the Cru, he and Yella hung together, and when Lonzo brought Run-D.M.C. into Eve After Dark, the
lightning bolt struck them both at the same time.Conclusion number one, Dre and Yella standing there on
their own turf, in their home club, listening to the crew from Hollis, Queens: "Damn, this shit is
fresh."Conclusion number two: "We could do this shit."Conclusion number three: "Fuck the Cru. Fuck
this shit. Fuck Alonzo and his motherfucking synchronized dance moves and his corny outfits."Entirely
unintentionally, Lonzo had killed the Cru. He was the one who brought Joey Simmons, Darryl McDaniels,
and Jason Mizell (aka Run, D.M.C., and Jam Master Jay) in front of his two young protégés. In the 
summer of 1984, Run-D.M.C.'s "It's Like That" had blown away everything else that came before in rap --
the first hard-core rap song.Genius leaps. Dr. Dre didn't have to think about it. Watching Run-D.M.C. at
Eve After Dark, he had immediately grasped what he wanted to do.I wasn't there the night Hollis, Queens,
showed the way. Not my scene. But that didn't mean I wasn't just as restless as Andre Young. The Cru
was okay. And all the rest of the acts I was managing were okay. But it was as if I was listening to the
Beatles and waiting on the Rolling Stones. What I was doing back then was looking for something a
little . . . harder. And it turned out so was Andre Young.Looking for something harder. That's how I spent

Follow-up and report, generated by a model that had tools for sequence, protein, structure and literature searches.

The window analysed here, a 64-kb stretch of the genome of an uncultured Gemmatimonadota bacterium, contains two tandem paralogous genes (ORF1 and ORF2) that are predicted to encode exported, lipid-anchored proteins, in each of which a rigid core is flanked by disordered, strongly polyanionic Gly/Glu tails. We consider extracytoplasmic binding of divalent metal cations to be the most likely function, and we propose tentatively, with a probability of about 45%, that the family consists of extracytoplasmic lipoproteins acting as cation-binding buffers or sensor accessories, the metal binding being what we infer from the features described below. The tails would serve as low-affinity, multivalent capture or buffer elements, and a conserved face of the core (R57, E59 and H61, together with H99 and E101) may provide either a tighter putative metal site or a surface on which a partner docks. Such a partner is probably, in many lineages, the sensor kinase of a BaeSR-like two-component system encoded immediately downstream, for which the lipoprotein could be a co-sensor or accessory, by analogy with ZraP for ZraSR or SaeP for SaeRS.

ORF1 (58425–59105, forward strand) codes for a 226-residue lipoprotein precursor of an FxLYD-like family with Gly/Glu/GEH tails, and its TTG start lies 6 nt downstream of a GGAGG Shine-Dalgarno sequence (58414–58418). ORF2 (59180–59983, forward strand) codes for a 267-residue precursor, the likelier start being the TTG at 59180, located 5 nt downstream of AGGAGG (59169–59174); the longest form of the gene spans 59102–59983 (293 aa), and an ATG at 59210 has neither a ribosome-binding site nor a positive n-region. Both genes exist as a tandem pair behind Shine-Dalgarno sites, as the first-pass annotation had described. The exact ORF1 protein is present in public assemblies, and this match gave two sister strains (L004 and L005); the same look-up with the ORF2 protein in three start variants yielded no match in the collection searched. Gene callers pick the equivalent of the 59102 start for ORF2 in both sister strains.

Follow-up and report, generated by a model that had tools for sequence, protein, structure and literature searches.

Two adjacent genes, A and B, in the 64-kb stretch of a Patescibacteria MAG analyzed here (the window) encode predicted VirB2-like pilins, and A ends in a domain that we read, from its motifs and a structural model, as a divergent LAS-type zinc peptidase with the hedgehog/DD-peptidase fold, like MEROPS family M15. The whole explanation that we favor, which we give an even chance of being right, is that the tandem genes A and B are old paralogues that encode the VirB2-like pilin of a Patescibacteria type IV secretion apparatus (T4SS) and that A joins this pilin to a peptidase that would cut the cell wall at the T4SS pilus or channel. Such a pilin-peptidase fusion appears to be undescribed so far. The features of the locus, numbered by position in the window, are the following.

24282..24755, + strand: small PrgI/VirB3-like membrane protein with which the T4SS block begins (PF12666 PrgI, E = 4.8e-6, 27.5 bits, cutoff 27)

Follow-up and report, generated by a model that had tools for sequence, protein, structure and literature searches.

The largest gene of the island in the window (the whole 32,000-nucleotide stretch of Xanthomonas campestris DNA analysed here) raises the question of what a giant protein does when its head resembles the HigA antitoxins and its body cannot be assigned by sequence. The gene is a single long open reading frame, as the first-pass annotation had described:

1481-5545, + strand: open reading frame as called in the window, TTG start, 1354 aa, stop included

my time through the winter of 1986-87. Booking Lonzo and Dr. Dre and DJ Yella and the rest of the Cru in
venues like Skateland -- a Los Angeles roller-skating emporium that doubled as a concert venue in those
days -- and trying to get my acts on the radio.Steve Yano's booth at the Roadium represented our major
local distribution outlet. The real scene in L.A. was the roving bands of DJs that played parties all over
south county and the Valley. The Wreckin' Cru and the Dream Team were prominent, but there were the
Mixmasters and Uncle Jam's Army, too.Three of the DJs from the Mixmasters got hired at KDAY, a low-
powered radio station with studios located at the top of Alvarado Street, in Echo Park. Julio G, Gregg
Mack, and Tony G started playing rap, hosting interview shows, contributing mightily to the visibility of the
West Coast rap scene...
Author Bio
Jerry Heller
Across five tumultuous decades, Jerry Heller has helped shape American popular music, breaking new
talent, developing new trends, and forging an industry-wide reputation as "the guy who gets there first."
He rose to prominence in the 1960s as a "superagent," importing Elton John and Pink Floyd for their first
major American tours, and representing Journey, Marvin Gaye, Joan Armatrading, Van Morrison, War,
Average White Band, ELO, Eric Burdon, and Crosby-Nash, among many others. In the mid-1980s, Heller
was the moving force and marketing genius behind the worldwide emergence of West Coast rap music.
He not only cofounded Ruthless Records with Eazy-E, but discovered, signed, or managed the likes of
N.W.A., The Black Eyed Peas, Above the Law, The D.O.C., and Bone Thugs-N-Harmony. Jerry Heller
lives in Calabasas, California, with his wife, Gayle, a Realtor for Sotheby's; his sister-in-law, Vicki, an
attorney; and their menagerie of animals.<br/>

Gil Reavill
Gil Reavill is a journalist, author, and screenwriter who lives in Westchester County, New York.<br/>